The Xentity team has been providing services to the United States Forest Service (USFS) since 2018 under the National Geospatial Services Indefinite Delivery/Indefinite Quantity (IDIQ) contract. Among our many tasks orders has been maintenance of the USGS National Hydrography Dataset (NHD). The NHD is among the many digital geospatial datasets that map and model the surface water of the United States. The NHD’s “layer” is an authoritative water layer used in many United States Forest Service (USFS) applications such as: Aquatic Surveys, Best Management Practices (BMP) monitoring, Fire Retardant Avoidance Maps, Water Improvement Tracking (WIT), Watershed Condition Framework (WCF), Watershed Classification and Assessment Tracking Tool (WCATT), and Water Rights and Uses (WRU) on which all spatial planning and reporting of accomplishments are documented.

The NHD program supports many USFS projects, subprograms, and program activities. Hence, it is essential to the success of these projects and programs to have a valid dataset of surface waters based on NHD. Xentity, along with partner Critigen / Locana, supported NHD-based editing tasks for the USFS. In doing so, they provided updates that fixed previously criticized features.

A Constant Need

Xentity often works to maintain  and update databases of various sorts. The need to maintain, update and improve NHD and Watershed Boundary Dataset (WBD) is a pervasive challenge across the USFS. Periodic edits identified by local Forest data stewards are required to update these data using custom NHD editing tools designed by the USGS, the federal agency responsible for coordinating NHD updates across all ownerships across the United States. Lately, many attributes and nomenclature in the NHD layer for National Forests are not accurate, as determined by the feedback received from Forest resource specialists and partners in state agencies. Inaccuracies include misaligned and/or improper designation of water features, incorrect feature names, improper topology, and network errors (picture shows geometry errors with flow lines).

The Solutions

The solutions provided for this issue dated back to 2016. In February and March of 2016, Forests and/or regions had the opportunity to modify the default NHD water representation (300ft buffer from all water features) for their areas of interest. They wished to accurately represent aerial fire retardant avoidance areas. This allowed fire retardant action plans to follow the 300-foot buffers guidance. This minimized the impact fire season retardant application has on life (human, aquatic) and water quality of riparian ecosystems. The resulting AFRAM maps identified areas to exempt retardant drops. This avoided harming threatened, endangered, proposed, candidate, or sensitive (TEPCS) species or waterways, except in cases where humans are threatened and retardant within avoidance areas could be reasonably expected to alleviate that threat.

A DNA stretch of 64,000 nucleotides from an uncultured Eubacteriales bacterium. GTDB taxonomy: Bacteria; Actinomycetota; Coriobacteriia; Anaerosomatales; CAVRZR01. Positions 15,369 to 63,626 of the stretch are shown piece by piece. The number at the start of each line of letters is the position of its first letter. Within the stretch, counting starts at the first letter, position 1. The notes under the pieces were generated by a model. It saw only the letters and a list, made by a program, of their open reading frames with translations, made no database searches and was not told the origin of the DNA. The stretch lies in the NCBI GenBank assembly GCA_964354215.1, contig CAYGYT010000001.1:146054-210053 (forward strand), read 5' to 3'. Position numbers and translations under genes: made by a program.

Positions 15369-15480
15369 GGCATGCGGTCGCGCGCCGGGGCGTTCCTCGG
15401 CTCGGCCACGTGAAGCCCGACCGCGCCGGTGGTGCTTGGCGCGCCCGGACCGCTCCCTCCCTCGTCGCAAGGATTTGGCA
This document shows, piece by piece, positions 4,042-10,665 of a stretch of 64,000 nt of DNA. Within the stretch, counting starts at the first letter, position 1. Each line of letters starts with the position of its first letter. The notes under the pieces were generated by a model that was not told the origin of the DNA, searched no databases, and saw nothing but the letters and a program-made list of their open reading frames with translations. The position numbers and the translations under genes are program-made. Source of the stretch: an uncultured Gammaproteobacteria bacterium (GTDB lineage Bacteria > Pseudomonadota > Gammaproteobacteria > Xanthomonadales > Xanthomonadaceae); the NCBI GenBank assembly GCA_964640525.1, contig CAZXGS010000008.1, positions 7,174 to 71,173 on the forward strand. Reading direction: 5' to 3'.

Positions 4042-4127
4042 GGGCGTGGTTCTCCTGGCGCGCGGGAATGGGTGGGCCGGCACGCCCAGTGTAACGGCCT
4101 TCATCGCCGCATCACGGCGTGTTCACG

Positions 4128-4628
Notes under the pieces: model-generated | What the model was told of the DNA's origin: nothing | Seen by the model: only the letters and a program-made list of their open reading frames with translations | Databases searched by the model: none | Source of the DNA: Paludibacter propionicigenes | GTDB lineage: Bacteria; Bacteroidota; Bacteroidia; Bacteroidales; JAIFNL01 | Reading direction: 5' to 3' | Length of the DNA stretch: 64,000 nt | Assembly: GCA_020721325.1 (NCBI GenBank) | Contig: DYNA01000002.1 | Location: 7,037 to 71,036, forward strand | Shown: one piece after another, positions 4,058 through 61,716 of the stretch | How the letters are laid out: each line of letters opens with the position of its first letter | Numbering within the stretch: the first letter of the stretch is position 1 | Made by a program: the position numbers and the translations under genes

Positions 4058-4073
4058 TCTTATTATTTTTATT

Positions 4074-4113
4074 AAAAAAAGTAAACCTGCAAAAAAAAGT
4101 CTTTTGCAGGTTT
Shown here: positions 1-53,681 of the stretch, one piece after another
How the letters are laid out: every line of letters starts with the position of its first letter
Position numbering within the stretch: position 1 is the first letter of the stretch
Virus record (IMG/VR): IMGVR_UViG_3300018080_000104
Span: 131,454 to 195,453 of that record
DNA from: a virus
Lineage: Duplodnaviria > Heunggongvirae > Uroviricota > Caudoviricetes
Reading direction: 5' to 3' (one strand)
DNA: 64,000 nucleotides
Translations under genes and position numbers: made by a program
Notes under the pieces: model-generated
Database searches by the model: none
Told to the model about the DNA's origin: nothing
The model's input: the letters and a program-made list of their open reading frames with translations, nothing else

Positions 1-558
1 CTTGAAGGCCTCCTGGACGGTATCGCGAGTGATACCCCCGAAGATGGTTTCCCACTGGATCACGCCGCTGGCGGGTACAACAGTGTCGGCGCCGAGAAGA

The Xentity team worked together to digitize NHD features (springs, streams, rivers, waterways, including Point, Point Event, Line – Large Scale, Flow Direction, Flowline,  Area, and bodies of water and integration with coastal bathymetry) on assigned watersheds (HUC-8) in the NHD database. They ranked HUC-12 sub-watersheds by priority for completion. They also digitized new NHD features. Furthermore, they aligned existing features for the specified area of interest according to the USGS NHD collection standards; they performed the collection and alignment of features on all features in the NHD database hosted by the USGS. We aligned/digitized NHD features at a scale of 1:2000. Furthermore, they verified missing names from the Geographic Names Information System (GNIS) and added those to the attribute data. The NHD GDB only added missing GNIS names. In doing so, they helped update, maintain and integrate enterprise data across an important forest program for the USFS.

Keeping Up to Date

Through the digitization of NHD features, we provide the latest updates. Consequently, these updates fixed the features criticized as misaligned or improperly designated. As a result, forest resource specialists and partners can use the data on the NHD’s various features. And hopefully they can do so with the confidence that they are accurate and up to date.